It may sound cliché, but in my professional experience it could not be more accurate: There is an enormous amount of academic pressure on children today. Many of the children and teenagers who seek my services are struggling with severe anxiety over the workload, pace and level of difficulty experienced in school. Some of these children have an extra challenge: trying to keep up with the hefty demands of school while also having a Learning Difference (LD).
Welcome to Our Blog!
This blog is written by the clinicians at Jonah Green and Associates, a mental health practice based in Kensington, MD that provides quality services for children, teens, families, and adults. It is intended as a resource for families who are seeking to expand their knowledge about mental health and mental health services, and also as a resource for families who are seeking quality mental health services, especially in the mid-Atlantic region. Please feel free to post questions and comments on any of the entries as well as on any topics or articles from our companion web site www.childandfamilymentalhealth.com.
Please enjoy this very practical and informative post written by guest blogger Rebbeca Rubin, LCSW-C. Please see then end of the post for more information about Rebecca.
As graduation season approaches, many young adults feel excited to enter a new phase of life. For transitioning youth with disabilities and their families, this excitement is often coupled with trepidation and uncertainty. Many students have become accustomed to secure, structured school environments. Some have attended the same school program for several years, so they are used to the same services, supports, and staff.
Navigating the bureaucracy of a school system to find academic support for your child can be daunting. It is always a good first step to speak with your child’s classroom teacher (s). Teachers will be able to offer observations about your child’s abilities and performance, inform you of what might be occurring in the classroom that might interfere with your child’s school performance, and propose informal steps to improve learning and performance. If problems remain after such efforts, schools have formal procedures that you will need to know so that you can obtain the academic support that your child needs.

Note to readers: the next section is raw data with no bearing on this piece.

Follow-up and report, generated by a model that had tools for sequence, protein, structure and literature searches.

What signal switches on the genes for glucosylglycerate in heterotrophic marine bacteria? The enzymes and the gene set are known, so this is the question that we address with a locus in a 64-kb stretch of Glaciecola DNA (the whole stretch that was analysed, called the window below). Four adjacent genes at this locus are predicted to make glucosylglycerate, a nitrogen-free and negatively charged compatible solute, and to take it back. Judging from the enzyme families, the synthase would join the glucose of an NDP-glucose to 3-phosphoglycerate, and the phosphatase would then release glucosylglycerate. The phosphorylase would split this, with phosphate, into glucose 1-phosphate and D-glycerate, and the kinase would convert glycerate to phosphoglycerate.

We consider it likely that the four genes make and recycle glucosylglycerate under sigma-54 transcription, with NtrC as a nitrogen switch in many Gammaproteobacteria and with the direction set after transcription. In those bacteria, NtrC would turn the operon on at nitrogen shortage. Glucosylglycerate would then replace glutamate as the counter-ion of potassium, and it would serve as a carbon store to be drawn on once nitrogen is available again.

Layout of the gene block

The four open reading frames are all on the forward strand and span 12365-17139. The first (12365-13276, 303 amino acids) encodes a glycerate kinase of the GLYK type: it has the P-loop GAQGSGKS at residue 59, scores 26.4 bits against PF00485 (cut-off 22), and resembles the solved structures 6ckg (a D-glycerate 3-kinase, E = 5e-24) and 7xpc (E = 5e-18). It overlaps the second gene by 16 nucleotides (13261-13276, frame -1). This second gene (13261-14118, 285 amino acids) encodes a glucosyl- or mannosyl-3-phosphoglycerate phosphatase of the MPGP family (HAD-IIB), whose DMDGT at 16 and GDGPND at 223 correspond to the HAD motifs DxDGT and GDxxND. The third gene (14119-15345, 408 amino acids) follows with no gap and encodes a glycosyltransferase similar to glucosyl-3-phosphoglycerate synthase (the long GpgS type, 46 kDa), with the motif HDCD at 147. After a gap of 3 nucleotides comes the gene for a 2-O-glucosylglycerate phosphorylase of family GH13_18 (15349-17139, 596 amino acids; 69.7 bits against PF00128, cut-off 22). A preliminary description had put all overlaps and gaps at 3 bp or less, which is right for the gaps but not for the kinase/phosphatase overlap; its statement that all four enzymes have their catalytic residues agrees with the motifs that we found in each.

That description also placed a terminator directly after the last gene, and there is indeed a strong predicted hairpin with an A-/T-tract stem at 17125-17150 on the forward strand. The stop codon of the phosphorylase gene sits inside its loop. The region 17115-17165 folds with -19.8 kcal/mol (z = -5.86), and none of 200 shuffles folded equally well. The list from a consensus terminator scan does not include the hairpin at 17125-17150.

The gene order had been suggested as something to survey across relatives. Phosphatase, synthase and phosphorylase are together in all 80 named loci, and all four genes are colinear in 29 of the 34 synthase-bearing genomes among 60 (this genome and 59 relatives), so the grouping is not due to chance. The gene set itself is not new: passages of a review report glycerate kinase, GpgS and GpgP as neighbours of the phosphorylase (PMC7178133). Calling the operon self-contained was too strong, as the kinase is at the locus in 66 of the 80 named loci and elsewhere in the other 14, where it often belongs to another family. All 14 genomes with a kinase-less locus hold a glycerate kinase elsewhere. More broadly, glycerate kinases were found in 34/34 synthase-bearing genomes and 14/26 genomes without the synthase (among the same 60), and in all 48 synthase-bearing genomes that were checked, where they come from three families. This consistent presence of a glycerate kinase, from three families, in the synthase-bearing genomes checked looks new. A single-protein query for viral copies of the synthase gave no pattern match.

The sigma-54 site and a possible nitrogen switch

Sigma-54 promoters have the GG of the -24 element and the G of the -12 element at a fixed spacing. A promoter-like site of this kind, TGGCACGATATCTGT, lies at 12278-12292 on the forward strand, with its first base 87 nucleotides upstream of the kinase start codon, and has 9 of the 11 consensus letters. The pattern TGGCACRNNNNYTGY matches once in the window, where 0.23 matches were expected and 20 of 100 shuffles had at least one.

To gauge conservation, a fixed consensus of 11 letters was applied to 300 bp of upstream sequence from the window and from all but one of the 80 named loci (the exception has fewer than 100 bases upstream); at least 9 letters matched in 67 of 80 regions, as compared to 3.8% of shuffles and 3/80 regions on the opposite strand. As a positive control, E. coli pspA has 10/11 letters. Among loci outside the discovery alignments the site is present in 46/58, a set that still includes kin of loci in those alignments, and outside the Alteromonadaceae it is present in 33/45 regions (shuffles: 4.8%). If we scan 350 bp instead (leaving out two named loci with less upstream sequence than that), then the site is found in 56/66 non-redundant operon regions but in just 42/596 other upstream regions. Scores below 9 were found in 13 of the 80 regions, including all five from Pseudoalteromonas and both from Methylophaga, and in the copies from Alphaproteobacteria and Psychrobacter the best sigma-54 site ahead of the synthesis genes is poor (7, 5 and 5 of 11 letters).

Studies show that children tend to do better in school when their parents and caretakers involve themselves in their formal education. Some of the benefits of parental involvement include: higher grades and test scores; long term academic achievement; increased motivation and self esteem; and more positive attitudes and behaviors.
Parents can take the following steps to further their children’s academic progress: [Read more…]
The Child and Family Mental Health blog is pleased to present a guest post from Dr. Gloria Vanderhorst, Ph. D., a psychologist in Silver Spring, MD, with over 30 years experience working with children with ADHD and learning disabilities and their families.
One of the common fears for parents is that a diagnosis of ADHD will be stigmatizing for their child. Sometimes an evaluation is put off because of this fear. In my work with clients who have ADHD, I have learned that knowing the diagnosis is the entry card to the mysterious world of the brain. Exploring how our brain works and understanding what goes on inside of this world will enable the child to take charge of his own functioning and facilitate progress in learning how to cope with this unique brain. [Read more…]